- Flatiron: Fifth Avenue, Between 14th and 23rd Streets Change in average asking price: 38 percent 2005: $189; 2004: $137
Everything from Gap and Daffy’s to Club Monaco and Anthropologie is found in Flatiron. But the lure could be that it’s not as crowded with tourists as some other areas. This shopping corridor has witnessed retail movement with its tenants in recent years. Last September, Esprit filled the store at 16th Street that once was Emporio Armani, and Coach expanded its Fifth Avenue location last year, having taken over next-door tenant Citibank.
- Soho: Broadway, Between Houston and Broome Streets Change in average asking price: 30.9 percent 2005: $212; 2004: $162
This district in lower Manhattan has seen increased demand in its asking rental prices, thanks in part to the influx of upscale retailers that have moved in — such as Bloomingdale’s, which opened its SoHo location in 2004. Dean & Deluca and Balthazar (at Prince Street) make for welcome pit stops during a day of shopping. The cool crowd will wander slightly off Broadway toward hip upscale shops such as Marc Jacobs, D&G and Louis Vuitton.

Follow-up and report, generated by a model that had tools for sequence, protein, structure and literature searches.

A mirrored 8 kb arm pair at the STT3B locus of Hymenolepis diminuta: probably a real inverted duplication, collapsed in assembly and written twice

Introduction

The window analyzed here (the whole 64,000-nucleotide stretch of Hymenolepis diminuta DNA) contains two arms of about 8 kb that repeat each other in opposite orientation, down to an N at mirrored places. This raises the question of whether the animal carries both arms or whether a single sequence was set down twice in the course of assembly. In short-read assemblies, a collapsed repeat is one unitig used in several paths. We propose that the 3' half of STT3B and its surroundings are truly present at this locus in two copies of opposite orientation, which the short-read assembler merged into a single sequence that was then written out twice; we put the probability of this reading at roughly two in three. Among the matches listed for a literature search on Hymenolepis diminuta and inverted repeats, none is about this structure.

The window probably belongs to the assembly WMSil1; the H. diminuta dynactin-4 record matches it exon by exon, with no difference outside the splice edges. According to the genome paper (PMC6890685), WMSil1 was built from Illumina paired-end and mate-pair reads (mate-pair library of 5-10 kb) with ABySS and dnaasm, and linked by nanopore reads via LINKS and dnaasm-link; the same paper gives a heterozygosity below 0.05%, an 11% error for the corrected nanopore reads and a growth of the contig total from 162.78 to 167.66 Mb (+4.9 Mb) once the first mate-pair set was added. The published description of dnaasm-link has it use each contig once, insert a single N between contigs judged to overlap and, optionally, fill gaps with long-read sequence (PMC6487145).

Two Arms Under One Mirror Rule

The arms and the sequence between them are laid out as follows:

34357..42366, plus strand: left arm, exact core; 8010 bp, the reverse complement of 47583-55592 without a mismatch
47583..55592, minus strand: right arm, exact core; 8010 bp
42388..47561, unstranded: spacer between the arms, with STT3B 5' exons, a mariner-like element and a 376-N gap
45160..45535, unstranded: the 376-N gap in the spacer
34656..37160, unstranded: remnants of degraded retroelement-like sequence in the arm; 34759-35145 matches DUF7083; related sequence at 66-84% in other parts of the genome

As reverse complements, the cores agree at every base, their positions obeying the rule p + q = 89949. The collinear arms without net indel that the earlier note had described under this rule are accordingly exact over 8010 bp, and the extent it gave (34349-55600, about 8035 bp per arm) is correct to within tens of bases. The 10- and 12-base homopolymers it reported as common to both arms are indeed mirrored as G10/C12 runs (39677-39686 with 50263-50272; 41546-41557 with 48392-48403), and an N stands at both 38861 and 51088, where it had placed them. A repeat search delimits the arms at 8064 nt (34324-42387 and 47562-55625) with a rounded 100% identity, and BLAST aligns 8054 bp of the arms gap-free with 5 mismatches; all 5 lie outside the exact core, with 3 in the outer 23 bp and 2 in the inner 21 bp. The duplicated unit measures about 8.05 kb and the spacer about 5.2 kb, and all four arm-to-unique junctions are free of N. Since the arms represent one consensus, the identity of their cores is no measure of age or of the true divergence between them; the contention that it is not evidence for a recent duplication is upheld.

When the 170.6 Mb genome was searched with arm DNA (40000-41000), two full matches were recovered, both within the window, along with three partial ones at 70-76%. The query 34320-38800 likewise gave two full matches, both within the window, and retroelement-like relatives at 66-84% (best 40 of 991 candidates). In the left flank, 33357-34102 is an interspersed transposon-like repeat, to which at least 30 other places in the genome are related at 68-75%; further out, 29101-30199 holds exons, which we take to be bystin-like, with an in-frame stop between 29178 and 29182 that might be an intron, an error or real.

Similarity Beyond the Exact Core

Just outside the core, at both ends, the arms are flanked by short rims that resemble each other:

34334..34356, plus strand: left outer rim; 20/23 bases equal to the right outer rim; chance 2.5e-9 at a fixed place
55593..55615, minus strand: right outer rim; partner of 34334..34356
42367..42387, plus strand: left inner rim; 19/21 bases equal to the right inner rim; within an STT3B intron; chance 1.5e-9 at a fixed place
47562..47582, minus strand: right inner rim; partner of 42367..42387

- Tribeca: Hudson Street, between Chambers and Canal Streets Change in average asking price: 27.8 percent 2005: $69; 2004: $54
Robert De Niro’s beloved TriBeCa witnessed an increase in its retail rental asking prices over the past year. De Niro has opened the Tribeca Film Center, Tribeca Grill (near Hudson) and Nobu. The Loft Residences at 116 Hudson — which also plans to offer retail space — is his latest undertaking. Slattery pointed out that retailers have even further incentive to open up their shops in an area if residential opportunities are also a possibility.